When the Ron Paul folks in Boone County took control of the county GOP committee last year the energy and direction of that organization became predictable. The mainstream republicans no longer had much of a chance, and that included Mitch McConnell. This week the county committee toyed with the idea of endorsing Matt Bevin.
But they decided not to endorse either candidate in the race. Good for them.
The role of a county committee is spelled out in the rules and by-laws of the Republican Party of Kentucky. County committees are not autonomous bodies organized for the purpose of advancing any particular philosophy or working to unseat, defeat or damage incumbent republicans.
County committees are just that. They are committees of the larger party. Their role is to recruit new repubican voters and to handle the legal matters within their jurisdiction. County committees are not parties in and of themselves. For example, the name "Republican Party" belongs to the RPK and the RNC. Spin off groups which have tried to form independent minded "Republican Party" groups have been denied the use of those words.
County committees should not support one GOP candidate over another. Individual party officials within a county committee should not endorse one GOP candidate over another. Individuals who wish to do so should step aside from their official roles and not lend the title of their office to the candidacy of one GOP candidate over another.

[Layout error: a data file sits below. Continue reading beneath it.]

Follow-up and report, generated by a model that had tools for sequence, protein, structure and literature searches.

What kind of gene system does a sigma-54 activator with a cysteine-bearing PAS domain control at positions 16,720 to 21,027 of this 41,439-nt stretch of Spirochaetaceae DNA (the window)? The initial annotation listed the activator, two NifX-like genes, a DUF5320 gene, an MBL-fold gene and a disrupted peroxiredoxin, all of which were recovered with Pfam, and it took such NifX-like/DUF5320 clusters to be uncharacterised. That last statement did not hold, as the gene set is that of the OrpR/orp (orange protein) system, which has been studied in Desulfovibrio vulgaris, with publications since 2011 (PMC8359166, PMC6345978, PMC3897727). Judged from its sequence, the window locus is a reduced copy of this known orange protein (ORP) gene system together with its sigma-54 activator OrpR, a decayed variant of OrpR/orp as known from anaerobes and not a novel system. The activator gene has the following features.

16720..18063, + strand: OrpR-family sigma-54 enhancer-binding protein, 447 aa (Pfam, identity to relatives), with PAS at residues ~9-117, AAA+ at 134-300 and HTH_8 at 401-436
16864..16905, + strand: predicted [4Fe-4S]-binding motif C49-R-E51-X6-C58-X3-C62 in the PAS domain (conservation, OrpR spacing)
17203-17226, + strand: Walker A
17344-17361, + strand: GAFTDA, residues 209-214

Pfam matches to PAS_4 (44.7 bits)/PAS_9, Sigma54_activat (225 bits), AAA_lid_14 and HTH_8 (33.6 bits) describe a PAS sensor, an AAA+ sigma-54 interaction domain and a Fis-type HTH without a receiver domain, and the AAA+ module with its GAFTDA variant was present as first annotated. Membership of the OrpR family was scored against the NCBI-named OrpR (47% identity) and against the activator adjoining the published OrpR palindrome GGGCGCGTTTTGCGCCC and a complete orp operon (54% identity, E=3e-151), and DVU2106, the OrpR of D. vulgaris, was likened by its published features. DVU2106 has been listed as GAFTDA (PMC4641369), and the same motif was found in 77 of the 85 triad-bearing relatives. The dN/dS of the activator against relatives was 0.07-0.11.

There are certain limitations both legal and proper which must prevail over the zeal of one individual or group of individuals when it comes to intra-party political battles. And for good reason.
The eventual winner needs to be able to count on the full support of the party as an official organization. Otherwise the democrats and other parties gain an advantage by weakening the unified front of a strong GOP.
Even democrats, who for years have had spirited primaries, have come together to stand united against the republicans. Only a united republican organization could have created the successful environment in which the new Boone committee enjoys a position of influence. That lesson isn't lost on those of us who worked to build that organization from the days when there was none. It is not an exaggeration to say that not too long ago the republicans in Boone County could have held their meetings in a phone booth, even though most of the young people who are now coming up through the ranks of the GOP have never even seen a phone booth.
It was a mature decision on the part of Rick Brueggeman and his committee to stand strong against the pressure to work against McConnell. Apparently it took Jesse Benton, McConnell's campaign manager and friend to many of the Boone County Ron Paul folks to come in and calm things down but in the end the new and energetic committee made the right decision.
I'm sure Mitch is going to have trouble generating enthusiasm for his candidacy in Boone this coming cycle but at least the county committee won't be working in an official capacity to undermine him as apparently Bevins had hoped.